Here’s something that will shock most taxpayers. Projections are that cities will spend an estimated $150 billion in stormwater infrastructure projects over the next 20 years. That will create a very large marketplace but the action has already started.
Spending is increasing at an incredible pace and stormwater projects are being launched throughout the country. The time to get on the bandwagon is now.
Often called green infrastructure projects, their objective is to keep urban runoff from reaching bodies of water. Green infrastructure is being incorporated in transportation initiatives, urban renewal projects, flood control efforts and in the development of parks and cityscapes.
When stormwater is controlled, the benefits are enormous. There is a safety aspect along with enhancement of water quality, but green infrastructure projects serve other objectives as well. They beautify neighborhoods and urban areas, provide support for natural habitats, reduce extreme summer temperatures and improve air quality.
Cities would be launching more projects of this type if their budgets were not so constrained, but that hurdle may be removed soon. There are many sources of funding from federal, state, regional and nonprofit organizations now and additional funding programs are anticipated.
At the federal level, the Environmental Protection Agency (EPA) grants funding for green infrastructure projects through a number of programs. Some of these include the Green Streets Program and the Green Towns (G3) Program. The U.S. Department of Housing and Urban Development (HUD) also has funds. Look for these in the Community Development Block Grants program. And, the U.S. Department of Transportation (USDOT) has funding through transportation grant programs such as the Transportation Investment Generating Economic Recovery (TIGER) grantprogram and the Congestion Mitigation and Air Quality program as well as the Transportation Alternatives Program (TAP).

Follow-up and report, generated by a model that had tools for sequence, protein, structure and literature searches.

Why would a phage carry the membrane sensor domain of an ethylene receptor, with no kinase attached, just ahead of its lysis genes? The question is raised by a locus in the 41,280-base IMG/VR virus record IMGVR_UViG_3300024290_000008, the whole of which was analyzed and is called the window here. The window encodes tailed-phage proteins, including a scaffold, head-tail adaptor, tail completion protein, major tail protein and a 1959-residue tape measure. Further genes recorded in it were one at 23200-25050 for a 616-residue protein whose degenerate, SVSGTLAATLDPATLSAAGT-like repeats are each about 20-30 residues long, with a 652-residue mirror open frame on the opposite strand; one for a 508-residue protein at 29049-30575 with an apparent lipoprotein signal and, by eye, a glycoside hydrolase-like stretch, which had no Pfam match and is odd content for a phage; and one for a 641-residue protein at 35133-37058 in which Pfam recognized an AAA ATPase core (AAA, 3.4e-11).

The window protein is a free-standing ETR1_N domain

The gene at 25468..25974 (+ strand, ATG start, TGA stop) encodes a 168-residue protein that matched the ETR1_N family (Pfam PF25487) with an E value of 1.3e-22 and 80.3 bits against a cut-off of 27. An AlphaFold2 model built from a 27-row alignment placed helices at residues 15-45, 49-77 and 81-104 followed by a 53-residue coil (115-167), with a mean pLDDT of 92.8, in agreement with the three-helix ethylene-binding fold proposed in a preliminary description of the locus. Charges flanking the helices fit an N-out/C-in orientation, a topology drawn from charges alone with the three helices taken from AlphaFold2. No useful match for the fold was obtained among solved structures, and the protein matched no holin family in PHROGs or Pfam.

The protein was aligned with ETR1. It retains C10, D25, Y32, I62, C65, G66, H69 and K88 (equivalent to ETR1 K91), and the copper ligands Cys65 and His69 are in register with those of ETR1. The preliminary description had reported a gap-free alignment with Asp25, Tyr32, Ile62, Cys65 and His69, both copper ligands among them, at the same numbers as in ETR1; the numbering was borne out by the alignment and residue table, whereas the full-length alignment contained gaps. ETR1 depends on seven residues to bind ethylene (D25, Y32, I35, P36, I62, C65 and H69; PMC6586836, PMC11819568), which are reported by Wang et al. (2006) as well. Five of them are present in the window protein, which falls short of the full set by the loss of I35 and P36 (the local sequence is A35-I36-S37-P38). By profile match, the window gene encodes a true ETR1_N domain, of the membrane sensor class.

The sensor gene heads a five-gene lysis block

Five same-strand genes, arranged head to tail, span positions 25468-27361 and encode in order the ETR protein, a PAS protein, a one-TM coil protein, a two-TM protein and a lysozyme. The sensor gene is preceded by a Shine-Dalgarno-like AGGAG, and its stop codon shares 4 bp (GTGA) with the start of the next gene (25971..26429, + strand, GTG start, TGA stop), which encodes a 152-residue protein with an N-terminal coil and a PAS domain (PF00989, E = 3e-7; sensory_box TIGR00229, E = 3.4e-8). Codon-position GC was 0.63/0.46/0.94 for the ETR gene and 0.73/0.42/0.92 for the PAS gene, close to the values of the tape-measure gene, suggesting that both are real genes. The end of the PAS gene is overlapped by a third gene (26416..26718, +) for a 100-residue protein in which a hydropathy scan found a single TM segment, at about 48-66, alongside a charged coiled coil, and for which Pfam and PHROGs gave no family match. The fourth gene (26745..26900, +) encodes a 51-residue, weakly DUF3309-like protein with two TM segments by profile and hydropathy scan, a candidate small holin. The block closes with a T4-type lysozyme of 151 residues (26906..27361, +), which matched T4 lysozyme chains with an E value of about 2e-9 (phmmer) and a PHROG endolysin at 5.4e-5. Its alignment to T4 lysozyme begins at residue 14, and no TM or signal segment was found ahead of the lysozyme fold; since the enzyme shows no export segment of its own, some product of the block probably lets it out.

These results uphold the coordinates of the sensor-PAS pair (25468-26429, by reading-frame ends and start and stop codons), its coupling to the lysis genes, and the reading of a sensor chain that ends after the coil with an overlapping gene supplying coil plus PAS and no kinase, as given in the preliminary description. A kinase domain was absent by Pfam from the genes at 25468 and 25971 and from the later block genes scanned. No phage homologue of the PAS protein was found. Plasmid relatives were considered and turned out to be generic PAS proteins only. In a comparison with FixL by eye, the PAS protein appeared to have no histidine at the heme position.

More than 20 communities in Maryland, Pennsylvania, Virginia and West Virginia received grant funding for projects designed to reduce stormwater runoff. Projects should be announced from these cities in the near future.
There are other upcoming opportunities to watch. The California Board for the State Coastal Conservancy recently awarded a $4 million grant to the city of Los Angeles for a stormwater project in the San Fernando Valley. The city will supplement that funding and launch a $19 million project that will include design, construction, bioswales, plants and infiltration galleries.
Another upcoming opportunity to watch will be coming from the city of Detroit. The city was recently awarded $2 million to fund the design and pre-construction phase of a project to connect a 26-mile non-motorized path and greenway that incorporates land around the Inner Circle Greenway. Additional contracting opportunities will result from this work.
The city of Oswego, N.Y., announced a project to transform a section of West Bridge Street into a pedestrian and bike-friendly streetscape with sidewalks, crosswalks and sidewalk bump-outs. Green infrastructure will be a key component of the entire project.
Gary, Ind., officials are soliciting input related to an upcoming project to convert six vacant sites into parks that incorporate green infrastructure elements. The project will reduce stormwater runoff into the city’s sewer system. It will also beautify the neighborhood for citizens who live in the area.
And, it’s advisable to watch for grant winners of the Great Lakes Emerging Champions Mini-Grant Program. This funding will be designated to small and medium-sized communities for projects to improve water quality and to manage stormwater.
Green infrastructure – it’s an extremely large and diverse growing market sector. Opportunities will be abundant and demand will dwarf supply in the next few years.